When employees behave rudely or in an insubordinate fashion, supervisors shouldn’t back off discipline because they fear a legal complaint. Your organization can, and should, enforce civility standards. That’s one of the best ways to protect your organization from hostile environment claims.
But make sure supervisors act promptly, enforce the rules consistently and document all incidents so you can back up any disciplinary decisions.
Recent case: James Amofa got into a shouting match with his supervisor over his paycheck. Amofa claimed that she handed him his check but asked for it back. Amofa told her not to mess with his check or he would “take it up with a higher authority.”
She fired Amofa, and he sued for race discrimination. But his case was tossed out by the New York Division of Human Rights and then by the EEOC.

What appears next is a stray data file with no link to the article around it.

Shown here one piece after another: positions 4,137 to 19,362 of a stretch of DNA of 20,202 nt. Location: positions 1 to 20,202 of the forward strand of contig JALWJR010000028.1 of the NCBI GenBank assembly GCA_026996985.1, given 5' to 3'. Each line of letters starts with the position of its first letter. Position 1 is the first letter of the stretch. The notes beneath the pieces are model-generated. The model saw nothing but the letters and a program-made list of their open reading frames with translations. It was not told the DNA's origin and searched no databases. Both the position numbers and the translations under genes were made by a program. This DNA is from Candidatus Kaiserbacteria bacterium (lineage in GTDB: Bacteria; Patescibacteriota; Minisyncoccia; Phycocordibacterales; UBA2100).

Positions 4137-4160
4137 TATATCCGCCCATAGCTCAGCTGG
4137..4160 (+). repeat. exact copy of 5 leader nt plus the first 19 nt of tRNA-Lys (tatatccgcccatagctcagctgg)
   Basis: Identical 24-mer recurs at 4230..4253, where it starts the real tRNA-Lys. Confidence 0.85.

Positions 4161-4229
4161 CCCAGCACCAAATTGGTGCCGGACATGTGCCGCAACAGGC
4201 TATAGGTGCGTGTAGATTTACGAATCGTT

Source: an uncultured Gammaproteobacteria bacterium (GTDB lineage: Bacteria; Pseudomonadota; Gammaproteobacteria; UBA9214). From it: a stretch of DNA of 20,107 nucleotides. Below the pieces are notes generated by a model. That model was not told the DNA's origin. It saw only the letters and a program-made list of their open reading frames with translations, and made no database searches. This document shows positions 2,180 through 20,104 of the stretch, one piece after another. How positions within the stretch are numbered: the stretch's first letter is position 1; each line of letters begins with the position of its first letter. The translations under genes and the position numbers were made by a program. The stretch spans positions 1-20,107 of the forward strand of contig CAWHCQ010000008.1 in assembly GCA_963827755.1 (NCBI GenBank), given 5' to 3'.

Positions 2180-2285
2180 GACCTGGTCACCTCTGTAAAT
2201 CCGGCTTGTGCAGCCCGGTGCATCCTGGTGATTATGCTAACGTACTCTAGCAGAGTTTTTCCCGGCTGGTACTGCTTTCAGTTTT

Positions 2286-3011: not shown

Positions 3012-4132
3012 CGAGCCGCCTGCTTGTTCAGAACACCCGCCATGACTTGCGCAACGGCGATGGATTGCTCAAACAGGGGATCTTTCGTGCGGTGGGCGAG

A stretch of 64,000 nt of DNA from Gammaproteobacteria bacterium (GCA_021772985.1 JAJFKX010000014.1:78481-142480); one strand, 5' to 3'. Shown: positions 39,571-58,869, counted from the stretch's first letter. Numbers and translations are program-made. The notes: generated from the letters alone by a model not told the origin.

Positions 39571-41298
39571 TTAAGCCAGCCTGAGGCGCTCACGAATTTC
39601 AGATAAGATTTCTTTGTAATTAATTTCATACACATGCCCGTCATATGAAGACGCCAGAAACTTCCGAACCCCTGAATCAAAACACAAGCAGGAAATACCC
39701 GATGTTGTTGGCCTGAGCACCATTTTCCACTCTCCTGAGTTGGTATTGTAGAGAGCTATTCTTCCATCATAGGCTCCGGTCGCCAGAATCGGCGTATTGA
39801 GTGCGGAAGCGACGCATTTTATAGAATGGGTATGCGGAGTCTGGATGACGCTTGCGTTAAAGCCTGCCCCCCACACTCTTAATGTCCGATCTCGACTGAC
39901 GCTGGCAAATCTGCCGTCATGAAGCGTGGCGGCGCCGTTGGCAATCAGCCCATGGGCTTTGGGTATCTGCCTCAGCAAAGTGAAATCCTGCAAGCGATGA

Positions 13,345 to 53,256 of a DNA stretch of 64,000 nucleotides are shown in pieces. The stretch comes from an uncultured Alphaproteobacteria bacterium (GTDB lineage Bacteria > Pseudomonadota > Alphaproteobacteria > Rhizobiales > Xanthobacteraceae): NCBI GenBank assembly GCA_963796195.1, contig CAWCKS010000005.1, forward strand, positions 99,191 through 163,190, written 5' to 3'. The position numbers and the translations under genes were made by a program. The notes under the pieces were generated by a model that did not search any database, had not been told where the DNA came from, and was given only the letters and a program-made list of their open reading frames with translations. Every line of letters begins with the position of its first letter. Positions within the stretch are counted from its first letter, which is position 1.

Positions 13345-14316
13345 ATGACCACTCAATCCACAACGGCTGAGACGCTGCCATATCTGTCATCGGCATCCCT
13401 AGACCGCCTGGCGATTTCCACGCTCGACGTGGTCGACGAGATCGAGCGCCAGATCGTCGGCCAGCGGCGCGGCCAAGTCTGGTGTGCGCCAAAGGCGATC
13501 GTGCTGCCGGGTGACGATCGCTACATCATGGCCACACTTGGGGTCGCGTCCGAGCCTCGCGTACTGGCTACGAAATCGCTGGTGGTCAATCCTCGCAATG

Both said the employer had a legitimate reason to fire Amofa for insubordination when he threatened to go over his supervisor’s head. On appeal, the federal court agreed. (Amofa v. Bronx-Lebanon Hospital Center, No. 05-CV-9230, SD NY, 2006)
Bottom line: Not following civility rules is insubordination, which is always a legitimate reason for discipline.